How secure are you?

By Chuck Musciano, Unix Insider |  Security




Are you filtering binary data from CGIs and scripts?


It's possible for hackers to send you a URL with binary data included, which can execute a program granting access to your server. No matter what your CGI code is written in, it's a major risk if there's a way a client can fool a CGI script. For example, commands can be appended to a CGI script command page, where additional commands are postfixed to the CGI command being issued, such as "send me the password file."

When writing your scripts and CGIs or reviewing those that are written for you, remember this: filter out binary data and throw it in the bit-bucket where it belongs. Your server can be used to pass letterbombs and mailbombs this way. Do not become a willing accomplice.

In addition to checking for this, be sure your server software isn't susceptible to "buffer overflow" or other methods of passing a long URL to your server and crashing it.




Is your IT environment tied to Human Resources?


Ex-employees can be a major risk factor in any computing environment. Your IT department, Web site access, and network access must be closely tied to employee departure. People aren't so keen on risking their jobs with foolish activities, but when they have no job to risk, well, this could be a major problem.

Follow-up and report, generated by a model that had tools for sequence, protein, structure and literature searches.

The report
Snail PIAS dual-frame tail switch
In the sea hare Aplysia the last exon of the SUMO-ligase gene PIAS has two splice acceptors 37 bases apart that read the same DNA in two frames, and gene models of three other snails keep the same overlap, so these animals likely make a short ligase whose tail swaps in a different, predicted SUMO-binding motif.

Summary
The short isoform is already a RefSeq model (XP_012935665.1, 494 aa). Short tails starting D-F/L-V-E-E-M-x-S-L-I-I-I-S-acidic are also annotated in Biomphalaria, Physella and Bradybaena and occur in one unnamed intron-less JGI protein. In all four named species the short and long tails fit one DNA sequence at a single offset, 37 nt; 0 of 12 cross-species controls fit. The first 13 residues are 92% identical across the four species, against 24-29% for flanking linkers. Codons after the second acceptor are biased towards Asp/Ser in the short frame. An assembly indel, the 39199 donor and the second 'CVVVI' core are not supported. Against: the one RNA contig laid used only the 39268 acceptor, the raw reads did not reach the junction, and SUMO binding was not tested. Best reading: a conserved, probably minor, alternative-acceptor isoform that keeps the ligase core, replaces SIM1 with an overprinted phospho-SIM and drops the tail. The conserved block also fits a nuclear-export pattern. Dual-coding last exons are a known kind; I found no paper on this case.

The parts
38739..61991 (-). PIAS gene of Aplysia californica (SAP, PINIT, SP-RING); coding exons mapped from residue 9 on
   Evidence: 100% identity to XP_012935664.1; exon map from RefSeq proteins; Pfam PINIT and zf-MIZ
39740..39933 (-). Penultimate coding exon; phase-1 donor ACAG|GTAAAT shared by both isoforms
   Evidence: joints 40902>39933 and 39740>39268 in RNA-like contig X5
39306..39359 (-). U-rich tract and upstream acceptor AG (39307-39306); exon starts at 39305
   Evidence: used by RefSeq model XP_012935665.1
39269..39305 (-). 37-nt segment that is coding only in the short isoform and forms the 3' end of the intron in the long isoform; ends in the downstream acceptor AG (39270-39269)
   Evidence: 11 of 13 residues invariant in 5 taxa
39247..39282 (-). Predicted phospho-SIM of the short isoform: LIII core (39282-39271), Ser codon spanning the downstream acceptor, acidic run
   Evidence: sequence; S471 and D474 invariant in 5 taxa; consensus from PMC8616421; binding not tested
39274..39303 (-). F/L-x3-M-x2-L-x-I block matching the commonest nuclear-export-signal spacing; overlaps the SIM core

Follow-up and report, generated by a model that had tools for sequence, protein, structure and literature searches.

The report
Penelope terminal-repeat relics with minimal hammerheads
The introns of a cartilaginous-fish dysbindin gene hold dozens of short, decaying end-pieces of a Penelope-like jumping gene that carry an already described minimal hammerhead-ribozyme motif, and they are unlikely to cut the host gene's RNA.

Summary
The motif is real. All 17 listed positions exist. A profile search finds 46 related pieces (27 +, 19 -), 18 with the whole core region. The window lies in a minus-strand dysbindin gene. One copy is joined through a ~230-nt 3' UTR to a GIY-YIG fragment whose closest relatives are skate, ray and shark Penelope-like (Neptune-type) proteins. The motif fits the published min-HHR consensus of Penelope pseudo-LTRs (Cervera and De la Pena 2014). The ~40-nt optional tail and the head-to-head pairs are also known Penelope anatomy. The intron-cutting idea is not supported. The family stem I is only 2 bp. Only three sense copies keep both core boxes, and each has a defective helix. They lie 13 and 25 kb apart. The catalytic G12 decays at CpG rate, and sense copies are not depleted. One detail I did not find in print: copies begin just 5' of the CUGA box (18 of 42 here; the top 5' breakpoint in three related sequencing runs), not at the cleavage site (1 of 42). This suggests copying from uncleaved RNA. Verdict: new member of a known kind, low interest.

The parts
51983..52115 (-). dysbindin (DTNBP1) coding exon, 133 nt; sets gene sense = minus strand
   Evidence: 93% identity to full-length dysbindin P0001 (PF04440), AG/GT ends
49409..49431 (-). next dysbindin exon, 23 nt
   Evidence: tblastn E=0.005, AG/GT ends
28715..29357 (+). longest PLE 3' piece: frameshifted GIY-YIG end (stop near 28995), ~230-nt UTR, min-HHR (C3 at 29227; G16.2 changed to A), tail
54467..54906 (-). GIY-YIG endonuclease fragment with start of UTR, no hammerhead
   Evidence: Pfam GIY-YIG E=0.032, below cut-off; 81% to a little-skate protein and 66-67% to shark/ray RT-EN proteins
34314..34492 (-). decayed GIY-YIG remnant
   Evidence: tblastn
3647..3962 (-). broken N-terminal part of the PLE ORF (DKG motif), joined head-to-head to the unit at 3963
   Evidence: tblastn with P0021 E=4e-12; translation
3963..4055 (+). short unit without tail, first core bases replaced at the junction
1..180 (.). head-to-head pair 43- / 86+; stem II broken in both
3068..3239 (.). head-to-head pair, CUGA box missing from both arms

Have you selected your Web server software based on security requirements also?



If you haven't looked at more than one Web server package, visit The Netcraft Web Server Survey (http://www.netcraft.com/survey/) or Internet.com's WebCompare (http://Webcompare.internet.com/) sites to see what each Web server package has to offer. You may be surprised.



Yes, Mr. Lemonjello, the number is...


Social engineering. I cannot say enough on this subject. A recent Dateline NBC show followed a "hacker" (paid by a large firm) who elicited information from someone at a company, and in less than 40 hours an entire banking system was compromised.

The whole process started with nothing more than a simple telephone number. The hacker gave his name, "Mr. Lemonjello." The person on the other end of the telephone complied because it sounded urgent. Don't let a hacker fool you or your staff into giving out passwords, phone numbers, and so on. Test whatever system you have in place at all levels for susceptibility to this.

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